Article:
The Federal Reserve sets which costs must be disclosed in the APR. But some costs do not need to be included, although it’s up to the lender’s discretion. These include:
The two main types of APR are:
When your loan has a variable rate, the interest rate may increase at certain times during the life of the loan. Variable-rate APRs are tied to the value of an index that tracks the health of the economy, and the lender uses a formula to determine changes to the interest rate.
Examples of loans with variable-rate APRs include adjustable-rate mortgages and some private student loans. Usually, variable-rate loans have a fixed-rate period where the interest rate does not change for a number of years.
Variable-rate loans have government-mandated rate caps that limit how much your interest rate can increase. Rate caps apply to both quarterly interest rate increases as well as the total interest rate increase for the lifetime of the loan.
Variable-rate loans may have lower APRs at first, but increases in the interest rate may offset those early savings.
A fixed-rate loan has the same interest rate throughout the lifetime of the loan. Fixed-rate loans might have higher APRs at the onset, but over time they may save you money over variable-rate loans if you’re paying off the loan for a long time.
Most auto loans and personal loans have fixed-rate APRs because they have relatively shorter terms. Mortgages and federal student loans can also be fixed-rate.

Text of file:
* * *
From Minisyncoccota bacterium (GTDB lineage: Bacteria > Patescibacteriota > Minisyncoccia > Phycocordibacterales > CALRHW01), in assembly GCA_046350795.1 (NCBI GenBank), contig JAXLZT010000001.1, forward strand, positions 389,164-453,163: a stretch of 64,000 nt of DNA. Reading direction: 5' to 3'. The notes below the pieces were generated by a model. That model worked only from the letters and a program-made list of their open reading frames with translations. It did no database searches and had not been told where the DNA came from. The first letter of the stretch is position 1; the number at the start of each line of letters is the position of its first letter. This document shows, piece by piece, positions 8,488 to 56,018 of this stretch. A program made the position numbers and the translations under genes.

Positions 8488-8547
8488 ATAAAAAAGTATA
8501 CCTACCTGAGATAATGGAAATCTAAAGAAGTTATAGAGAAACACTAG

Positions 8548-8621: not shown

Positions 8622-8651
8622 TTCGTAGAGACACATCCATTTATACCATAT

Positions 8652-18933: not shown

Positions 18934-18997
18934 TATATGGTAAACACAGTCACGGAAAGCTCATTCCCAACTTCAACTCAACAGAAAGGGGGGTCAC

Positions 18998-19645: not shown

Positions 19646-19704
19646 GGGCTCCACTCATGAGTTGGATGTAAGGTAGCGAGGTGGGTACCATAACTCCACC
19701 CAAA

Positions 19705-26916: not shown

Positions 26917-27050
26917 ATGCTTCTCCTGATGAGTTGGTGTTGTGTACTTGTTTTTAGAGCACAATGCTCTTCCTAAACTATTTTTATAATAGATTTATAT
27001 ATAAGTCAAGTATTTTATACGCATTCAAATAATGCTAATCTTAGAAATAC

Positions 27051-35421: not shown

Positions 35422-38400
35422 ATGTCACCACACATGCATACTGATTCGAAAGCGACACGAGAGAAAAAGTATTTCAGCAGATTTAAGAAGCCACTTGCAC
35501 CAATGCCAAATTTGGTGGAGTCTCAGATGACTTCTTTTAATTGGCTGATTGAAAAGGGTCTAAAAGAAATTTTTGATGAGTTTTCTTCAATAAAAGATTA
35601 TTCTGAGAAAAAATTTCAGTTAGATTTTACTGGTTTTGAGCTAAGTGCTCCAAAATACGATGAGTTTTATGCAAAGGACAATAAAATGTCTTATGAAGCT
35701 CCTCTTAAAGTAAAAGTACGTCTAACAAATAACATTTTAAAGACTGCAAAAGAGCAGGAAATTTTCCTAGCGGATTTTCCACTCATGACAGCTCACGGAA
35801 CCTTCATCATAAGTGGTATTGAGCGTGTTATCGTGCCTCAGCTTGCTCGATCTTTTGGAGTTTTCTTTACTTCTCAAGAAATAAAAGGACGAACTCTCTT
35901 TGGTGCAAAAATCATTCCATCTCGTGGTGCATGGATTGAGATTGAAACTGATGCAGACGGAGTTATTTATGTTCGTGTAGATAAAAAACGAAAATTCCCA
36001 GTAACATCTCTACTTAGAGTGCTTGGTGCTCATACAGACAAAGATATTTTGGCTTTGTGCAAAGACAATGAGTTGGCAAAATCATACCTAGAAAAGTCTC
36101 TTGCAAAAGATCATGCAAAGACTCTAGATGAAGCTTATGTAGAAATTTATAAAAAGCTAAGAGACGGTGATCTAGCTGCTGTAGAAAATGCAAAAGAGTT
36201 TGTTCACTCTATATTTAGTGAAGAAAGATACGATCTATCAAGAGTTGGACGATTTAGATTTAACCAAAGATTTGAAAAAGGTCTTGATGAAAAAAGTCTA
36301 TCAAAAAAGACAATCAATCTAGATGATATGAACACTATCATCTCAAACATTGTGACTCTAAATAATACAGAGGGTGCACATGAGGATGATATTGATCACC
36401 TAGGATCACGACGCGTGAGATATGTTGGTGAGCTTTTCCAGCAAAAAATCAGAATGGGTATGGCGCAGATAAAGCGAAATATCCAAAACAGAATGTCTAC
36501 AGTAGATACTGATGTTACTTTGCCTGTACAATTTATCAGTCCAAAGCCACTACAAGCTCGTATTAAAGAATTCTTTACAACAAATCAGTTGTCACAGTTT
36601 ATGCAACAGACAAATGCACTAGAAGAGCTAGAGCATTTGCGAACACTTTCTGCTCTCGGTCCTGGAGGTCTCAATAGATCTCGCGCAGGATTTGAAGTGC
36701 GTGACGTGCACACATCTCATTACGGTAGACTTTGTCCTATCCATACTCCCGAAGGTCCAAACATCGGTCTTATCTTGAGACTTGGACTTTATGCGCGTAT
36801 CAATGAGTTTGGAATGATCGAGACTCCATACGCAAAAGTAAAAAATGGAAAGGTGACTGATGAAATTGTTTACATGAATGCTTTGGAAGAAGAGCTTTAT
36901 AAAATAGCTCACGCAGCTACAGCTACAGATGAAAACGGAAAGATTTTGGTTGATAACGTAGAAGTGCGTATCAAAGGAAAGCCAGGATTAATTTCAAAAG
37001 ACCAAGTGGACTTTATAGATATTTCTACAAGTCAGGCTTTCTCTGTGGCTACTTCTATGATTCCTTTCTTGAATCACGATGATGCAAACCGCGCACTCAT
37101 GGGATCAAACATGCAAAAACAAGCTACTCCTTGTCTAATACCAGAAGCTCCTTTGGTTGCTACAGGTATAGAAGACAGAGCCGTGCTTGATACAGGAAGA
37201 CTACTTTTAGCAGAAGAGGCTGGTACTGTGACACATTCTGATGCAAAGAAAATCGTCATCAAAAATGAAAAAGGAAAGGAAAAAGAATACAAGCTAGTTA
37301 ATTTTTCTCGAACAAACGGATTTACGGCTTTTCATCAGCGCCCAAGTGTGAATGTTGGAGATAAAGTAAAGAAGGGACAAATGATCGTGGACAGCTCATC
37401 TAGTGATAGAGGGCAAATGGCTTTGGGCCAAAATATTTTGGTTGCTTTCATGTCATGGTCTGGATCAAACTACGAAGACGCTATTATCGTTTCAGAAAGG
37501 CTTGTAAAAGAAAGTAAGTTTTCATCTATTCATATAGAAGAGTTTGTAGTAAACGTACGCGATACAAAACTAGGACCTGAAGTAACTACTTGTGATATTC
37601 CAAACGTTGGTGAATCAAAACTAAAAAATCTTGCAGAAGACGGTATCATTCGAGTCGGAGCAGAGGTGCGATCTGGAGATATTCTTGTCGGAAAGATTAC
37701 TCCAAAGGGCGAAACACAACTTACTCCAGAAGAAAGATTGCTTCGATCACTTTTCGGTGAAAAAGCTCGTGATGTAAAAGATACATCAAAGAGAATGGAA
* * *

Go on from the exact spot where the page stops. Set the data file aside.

The annual percentage yield, or APY, is the opposite of the APR. You’ll see it associated with savings accounts and interest-bearing checking accounts to show you how much interest you can expect to earn.
Like the APR, the APY is more than just the interest rate; it’s also a function of how often that interest compounds, so that you’re earning interest on interest you already earned.
Interest that compounds at a faster rate — whether daily, monthly, or annually — will earn a slightly higher APY. Depending on your bank or credit union, you may earn between 0.01% APY and 2.5% APY or more.
You can get a tax deduction for interest paid on some types of loans. However, not all loans are eligible, and you generally can’t write off the payments you make toward the loan balance.
The following types of loans have tax-deductible interest:
The best APR for you depends on your financial situation and what you need the loan for. If your credit is good, you can get a better APR. You may also be able to get a lower APR if you can afford to pay the loan off faster, which means having a shorter payment schedule.
See the table at the beginning of this page for average APRs per loan type.
While it is possible to get 0% APR on a loan, you likely won’t save any money by doing so. That’s because the figures that would normally comprise the APR are still baked into the loan payments you make. (The lender has to make money somehow!)
In addition, you’ll lose any relevant tax deductions for interest because you’re not technically paying interest.
It is possible to get a credit card with 0% APR. With this type of credit card, the 0% APR promotional period lasts for around 12 to 18 months, after which you have to pay the full APR on the remaining balance.
For people who have a lot of credit card debt, a 0% APR credit card can help them consolidate that debt and make it easier to pay off. But when the promotional period ends, you’ll have to pay the usual credit card APR, which may be much higher.
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Zack Sigel is a SEO managing editor at Policygenius. He covers personal finance, comprising mortgages, investing, deposit accounts, and more. His previous work included writing about film and music.
Policygenius’ editorial content is not written by an insurance agent. It’s intended for informational purposes and should not be considered legal or financial advice. Consult a professional to learn what financial products are right for you.